by Robert Louis Stevenson
Analysis: Three Act Plot Analysis
For a three-act plot analysis, put on your screenwriter’s hat. Moviemakers know the formula well: at the end of Act One, the main character is drawn in completely to a conflict. During Act Two, she is farthest away from her goals. At the end of Act Three, the story is resolved.
Davie leaves his hometown of Essendean to seek out financial help at the Shaws household now that he has been left an orphan. He arrives at the house only to find that his uncle is a miserable miser who clearly wants Davie either to die or to disappear without troubling him anymore. Why does Ebenezer want Davie gone so bad? Because Davie seems to present some kind of threat to Ebenezer's property.
The second act is the part of the story where everything seems as far as possible from a conclusion. This moment comes pretty early in Kidnapped and is so dire that it takes around two hundred pages to bring Davie plausibly back from the brink of destruction. The second act starts in Chapter 7, when Ebenezer tricks Davie into getting on the ship the Covenant, sailing for the Americas. Davie's set to be sold into slavery once the Covenant reaches the Carolinas. He's kept heavily guarded and has no chance of escaping…until, that is, the Covenant runs into another boat with a certain Alan Breck Stewart aboard. Everything that follows – the bad times on Earraid, the Colin Roy murder, and their race across the Highlands – all fill the time between Davie's kidnapping and his return to Queensferry to reclaim his estate.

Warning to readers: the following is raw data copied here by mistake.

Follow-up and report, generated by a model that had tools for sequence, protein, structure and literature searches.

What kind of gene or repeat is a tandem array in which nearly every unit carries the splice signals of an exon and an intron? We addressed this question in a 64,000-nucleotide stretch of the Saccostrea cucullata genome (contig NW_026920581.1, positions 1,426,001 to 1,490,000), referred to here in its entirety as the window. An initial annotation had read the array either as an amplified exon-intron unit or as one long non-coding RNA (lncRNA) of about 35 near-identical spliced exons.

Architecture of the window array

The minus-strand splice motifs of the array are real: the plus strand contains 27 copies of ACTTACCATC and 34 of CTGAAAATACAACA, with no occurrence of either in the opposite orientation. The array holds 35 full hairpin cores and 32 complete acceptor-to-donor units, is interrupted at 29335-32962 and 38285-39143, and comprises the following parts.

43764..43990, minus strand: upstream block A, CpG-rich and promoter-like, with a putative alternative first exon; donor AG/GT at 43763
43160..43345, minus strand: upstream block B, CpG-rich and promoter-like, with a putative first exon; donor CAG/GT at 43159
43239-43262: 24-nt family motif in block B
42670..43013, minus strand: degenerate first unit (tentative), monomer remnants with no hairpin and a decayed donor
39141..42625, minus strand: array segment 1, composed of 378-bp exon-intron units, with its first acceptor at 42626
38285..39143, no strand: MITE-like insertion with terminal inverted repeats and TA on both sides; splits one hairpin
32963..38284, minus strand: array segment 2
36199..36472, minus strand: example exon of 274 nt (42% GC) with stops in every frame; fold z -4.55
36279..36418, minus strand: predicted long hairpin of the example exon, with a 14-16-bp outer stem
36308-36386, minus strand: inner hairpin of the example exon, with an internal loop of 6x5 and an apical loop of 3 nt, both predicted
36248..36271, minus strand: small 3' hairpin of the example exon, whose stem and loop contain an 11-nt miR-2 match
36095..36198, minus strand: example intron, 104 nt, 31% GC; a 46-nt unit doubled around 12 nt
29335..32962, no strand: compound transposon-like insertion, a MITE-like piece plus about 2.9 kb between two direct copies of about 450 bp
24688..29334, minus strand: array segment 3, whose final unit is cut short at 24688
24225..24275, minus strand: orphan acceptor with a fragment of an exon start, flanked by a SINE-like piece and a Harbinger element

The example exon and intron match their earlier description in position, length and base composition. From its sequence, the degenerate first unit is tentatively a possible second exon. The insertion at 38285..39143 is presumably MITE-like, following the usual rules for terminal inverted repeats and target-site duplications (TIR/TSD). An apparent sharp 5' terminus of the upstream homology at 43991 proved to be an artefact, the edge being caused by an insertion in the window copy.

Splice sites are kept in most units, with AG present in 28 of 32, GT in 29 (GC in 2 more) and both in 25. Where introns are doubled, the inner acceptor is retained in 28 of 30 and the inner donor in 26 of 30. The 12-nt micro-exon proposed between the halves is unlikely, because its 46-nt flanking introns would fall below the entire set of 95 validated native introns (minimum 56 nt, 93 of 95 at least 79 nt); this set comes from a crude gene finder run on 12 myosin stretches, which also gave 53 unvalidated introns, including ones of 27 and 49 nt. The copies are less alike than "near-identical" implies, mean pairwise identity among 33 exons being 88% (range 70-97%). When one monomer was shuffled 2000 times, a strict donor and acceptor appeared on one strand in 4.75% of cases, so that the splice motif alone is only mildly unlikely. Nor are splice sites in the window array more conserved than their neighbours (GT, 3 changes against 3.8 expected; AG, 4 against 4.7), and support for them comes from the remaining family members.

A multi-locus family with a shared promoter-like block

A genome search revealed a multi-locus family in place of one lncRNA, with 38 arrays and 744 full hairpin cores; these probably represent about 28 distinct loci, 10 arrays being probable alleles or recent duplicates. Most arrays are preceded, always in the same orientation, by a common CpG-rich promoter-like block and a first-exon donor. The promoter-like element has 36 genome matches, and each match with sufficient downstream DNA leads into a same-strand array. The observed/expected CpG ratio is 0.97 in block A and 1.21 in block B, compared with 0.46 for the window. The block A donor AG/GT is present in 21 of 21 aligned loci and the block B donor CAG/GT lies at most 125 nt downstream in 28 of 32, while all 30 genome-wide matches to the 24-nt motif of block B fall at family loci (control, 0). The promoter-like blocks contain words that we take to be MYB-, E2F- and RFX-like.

This is the moment when everything gets resolved: in other words, Chapter 28. Here, Davie meets with his lawyer back in Queensferry, who confirms that Davie does have a claim on Ebenezer's estate. Both Davie and Alan have safely made it from the Highlands (with all those Campbells and British looking for them) into the Lowlands, and Davie is pretty much home free. All there is left to do is to retrieve Davie's estate from Ebenezer and set Alan on a course to France.